On-site Wellness Programs for Physical Therapists

Brian Boyle is the co-owner of Gaston Rehab Associates, Inc., an outpatient private practice specializing in preventative wellness, industrial/on-site physical therapy and ergonomics. After his practice skyrocketed with a combination of innovative on-site rehab programs, strategic alliances and marketing to decision makers, Brian decided to perfect the art of marketing on-site rehab programs. His company has a waiting list of businesses locally, regionally, and nationally for a unique and innovative program, Worksite Physical Solutions™.

Brian’s expertise in ergonomic assessment, functional job analysis/job description, functional capacity evaluation, and pre-work screen design, allow him to provide powerful, cost-effective solutions to employers of all sizes – saving those companies millions of dollars in direct and indirect costs adding to their overall bottom line.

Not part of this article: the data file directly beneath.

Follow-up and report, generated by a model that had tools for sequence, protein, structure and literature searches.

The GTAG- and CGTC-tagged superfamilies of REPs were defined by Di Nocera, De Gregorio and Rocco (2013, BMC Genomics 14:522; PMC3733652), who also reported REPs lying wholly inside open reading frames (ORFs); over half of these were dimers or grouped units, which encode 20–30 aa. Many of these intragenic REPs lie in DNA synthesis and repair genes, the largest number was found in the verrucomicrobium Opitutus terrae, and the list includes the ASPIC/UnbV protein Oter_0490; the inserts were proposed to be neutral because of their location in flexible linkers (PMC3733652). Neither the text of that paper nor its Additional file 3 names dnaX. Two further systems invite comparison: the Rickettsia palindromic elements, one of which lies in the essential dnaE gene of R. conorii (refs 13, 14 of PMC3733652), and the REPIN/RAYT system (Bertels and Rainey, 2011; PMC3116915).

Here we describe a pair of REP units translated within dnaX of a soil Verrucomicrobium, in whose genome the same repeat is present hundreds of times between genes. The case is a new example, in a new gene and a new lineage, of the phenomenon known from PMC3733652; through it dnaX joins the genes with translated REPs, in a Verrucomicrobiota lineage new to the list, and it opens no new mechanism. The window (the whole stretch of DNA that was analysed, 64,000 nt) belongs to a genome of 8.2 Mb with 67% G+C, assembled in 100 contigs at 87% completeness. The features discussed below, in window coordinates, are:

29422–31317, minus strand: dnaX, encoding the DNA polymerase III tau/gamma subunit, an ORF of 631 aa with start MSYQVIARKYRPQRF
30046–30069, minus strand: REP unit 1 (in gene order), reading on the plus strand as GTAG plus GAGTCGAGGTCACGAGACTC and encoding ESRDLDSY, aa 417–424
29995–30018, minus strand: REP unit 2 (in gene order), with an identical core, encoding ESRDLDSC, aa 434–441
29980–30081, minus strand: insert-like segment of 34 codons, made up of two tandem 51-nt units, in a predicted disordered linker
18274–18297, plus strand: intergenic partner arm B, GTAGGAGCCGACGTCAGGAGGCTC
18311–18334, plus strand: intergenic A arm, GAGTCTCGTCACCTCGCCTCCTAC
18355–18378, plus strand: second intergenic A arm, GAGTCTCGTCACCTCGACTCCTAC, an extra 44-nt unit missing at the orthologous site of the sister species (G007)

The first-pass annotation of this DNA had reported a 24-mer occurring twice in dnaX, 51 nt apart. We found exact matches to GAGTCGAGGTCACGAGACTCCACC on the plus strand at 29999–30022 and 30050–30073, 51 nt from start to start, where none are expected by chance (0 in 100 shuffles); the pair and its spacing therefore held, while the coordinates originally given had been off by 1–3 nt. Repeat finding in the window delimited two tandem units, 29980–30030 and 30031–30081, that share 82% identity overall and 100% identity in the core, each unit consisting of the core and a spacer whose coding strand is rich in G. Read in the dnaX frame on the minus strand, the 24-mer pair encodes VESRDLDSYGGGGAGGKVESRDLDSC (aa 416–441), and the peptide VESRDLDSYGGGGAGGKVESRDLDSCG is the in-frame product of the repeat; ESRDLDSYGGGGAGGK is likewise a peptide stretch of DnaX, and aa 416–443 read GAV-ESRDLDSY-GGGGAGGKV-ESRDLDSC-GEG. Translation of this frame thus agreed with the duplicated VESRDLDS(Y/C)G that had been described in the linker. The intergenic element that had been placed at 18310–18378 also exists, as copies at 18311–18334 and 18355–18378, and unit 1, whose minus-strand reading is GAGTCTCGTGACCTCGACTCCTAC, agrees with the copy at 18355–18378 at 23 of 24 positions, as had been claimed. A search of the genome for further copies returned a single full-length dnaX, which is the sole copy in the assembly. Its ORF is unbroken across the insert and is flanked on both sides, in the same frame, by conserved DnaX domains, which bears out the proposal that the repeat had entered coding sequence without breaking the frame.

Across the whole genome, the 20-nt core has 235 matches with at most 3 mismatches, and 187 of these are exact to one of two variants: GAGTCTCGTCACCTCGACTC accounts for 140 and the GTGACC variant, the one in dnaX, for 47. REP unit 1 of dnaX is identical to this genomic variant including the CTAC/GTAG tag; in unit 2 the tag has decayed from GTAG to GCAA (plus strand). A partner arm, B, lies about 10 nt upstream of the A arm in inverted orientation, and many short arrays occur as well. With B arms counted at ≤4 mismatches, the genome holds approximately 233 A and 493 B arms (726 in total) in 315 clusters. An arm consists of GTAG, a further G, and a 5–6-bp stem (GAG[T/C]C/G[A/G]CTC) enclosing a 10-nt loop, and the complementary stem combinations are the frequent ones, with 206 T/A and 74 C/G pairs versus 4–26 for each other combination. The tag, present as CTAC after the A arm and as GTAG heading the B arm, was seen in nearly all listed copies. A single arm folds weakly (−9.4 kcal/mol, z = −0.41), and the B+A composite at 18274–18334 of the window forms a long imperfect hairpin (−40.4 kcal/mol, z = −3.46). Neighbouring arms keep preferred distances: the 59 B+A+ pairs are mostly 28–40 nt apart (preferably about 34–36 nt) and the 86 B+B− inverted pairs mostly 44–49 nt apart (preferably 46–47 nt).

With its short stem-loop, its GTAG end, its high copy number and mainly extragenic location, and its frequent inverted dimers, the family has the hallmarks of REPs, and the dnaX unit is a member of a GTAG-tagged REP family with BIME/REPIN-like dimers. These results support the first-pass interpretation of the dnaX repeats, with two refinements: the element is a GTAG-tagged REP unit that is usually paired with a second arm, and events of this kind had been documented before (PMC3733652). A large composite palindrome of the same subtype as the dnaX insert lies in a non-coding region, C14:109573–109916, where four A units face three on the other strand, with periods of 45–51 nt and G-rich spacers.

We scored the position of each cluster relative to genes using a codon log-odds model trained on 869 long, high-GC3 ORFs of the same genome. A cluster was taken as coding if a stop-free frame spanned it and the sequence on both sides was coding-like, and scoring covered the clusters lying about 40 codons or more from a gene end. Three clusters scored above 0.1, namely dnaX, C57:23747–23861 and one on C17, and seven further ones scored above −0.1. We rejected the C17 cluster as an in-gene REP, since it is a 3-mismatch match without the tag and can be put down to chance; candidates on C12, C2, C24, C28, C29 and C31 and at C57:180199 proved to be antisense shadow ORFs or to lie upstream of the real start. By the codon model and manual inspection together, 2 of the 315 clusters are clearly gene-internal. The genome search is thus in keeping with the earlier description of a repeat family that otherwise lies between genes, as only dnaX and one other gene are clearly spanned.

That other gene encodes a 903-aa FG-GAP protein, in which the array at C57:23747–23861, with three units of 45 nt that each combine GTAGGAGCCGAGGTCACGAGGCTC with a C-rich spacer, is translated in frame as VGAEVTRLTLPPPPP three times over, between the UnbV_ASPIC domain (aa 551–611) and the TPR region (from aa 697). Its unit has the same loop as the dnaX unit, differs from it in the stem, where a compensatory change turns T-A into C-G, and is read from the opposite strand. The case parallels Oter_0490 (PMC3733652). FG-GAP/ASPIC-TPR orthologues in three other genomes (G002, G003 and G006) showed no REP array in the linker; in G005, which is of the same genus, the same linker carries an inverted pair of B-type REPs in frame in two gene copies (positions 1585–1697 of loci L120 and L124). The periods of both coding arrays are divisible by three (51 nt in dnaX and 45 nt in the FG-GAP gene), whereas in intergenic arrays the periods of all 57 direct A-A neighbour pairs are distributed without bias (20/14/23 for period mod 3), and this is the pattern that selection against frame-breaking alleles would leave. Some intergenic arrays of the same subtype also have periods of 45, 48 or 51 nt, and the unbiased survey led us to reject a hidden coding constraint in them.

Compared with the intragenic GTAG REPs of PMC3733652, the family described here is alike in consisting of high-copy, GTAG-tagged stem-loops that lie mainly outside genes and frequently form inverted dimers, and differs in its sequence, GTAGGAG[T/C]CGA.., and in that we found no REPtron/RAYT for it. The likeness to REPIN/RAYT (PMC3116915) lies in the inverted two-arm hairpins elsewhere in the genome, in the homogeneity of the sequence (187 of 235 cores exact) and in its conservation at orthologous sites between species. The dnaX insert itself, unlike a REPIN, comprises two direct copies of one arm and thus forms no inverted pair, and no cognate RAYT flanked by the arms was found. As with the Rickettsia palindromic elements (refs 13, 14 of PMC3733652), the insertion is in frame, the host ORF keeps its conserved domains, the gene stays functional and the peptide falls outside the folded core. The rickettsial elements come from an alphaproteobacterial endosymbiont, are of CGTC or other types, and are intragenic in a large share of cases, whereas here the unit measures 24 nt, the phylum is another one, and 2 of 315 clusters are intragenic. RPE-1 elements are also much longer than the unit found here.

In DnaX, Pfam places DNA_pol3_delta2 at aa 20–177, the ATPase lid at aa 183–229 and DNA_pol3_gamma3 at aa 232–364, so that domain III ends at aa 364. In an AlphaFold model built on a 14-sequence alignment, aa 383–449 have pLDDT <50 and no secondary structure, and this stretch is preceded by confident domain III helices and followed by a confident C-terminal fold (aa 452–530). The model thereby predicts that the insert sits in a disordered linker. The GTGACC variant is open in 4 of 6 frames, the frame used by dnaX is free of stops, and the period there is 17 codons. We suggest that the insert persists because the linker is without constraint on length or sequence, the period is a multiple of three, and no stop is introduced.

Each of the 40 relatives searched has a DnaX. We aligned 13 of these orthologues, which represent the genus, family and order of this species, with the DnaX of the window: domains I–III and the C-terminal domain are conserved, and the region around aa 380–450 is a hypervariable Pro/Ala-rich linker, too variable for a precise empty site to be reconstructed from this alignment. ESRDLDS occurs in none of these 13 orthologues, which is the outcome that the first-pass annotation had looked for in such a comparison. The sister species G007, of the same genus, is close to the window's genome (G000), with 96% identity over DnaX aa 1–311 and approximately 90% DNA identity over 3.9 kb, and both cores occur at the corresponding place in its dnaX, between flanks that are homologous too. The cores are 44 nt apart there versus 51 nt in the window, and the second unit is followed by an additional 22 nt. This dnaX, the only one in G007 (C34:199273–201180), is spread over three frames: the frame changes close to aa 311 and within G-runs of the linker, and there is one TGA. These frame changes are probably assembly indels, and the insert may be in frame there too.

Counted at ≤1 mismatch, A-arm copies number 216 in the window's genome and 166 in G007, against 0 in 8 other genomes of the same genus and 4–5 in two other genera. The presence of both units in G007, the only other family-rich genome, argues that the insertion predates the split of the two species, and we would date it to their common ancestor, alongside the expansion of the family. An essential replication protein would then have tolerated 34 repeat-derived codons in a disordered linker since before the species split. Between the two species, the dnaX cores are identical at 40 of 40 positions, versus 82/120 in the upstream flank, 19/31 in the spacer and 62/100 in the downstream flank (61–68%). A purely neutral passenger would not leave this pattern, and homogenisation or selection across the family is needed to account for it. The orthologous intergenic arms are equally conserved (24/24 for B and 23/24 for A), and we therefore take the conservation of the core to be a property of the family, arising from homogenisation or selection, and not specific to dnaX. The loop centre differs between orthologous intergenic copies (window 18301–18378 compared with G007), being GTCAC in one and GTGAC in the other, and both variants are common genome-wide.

Brian is on the nominating committee for the Private Practice Section of the APTA, a founding circle member of the Physical Therapy Business Alliance, and the Chair of the NCPTA Private Practice SIG.

I interviewed Brian  and asked him six key questions.

  • Why did you get into private practice?
  • How hard has your struggle been?
  • What have been your biggest sacrifices?
  • What are the biggest mistakes you’ve made when building your practice?
  • What is the advice you’d give to someone looking to grow their practice?
  • What is the most important attribute you’ve had to develop to grow your practice?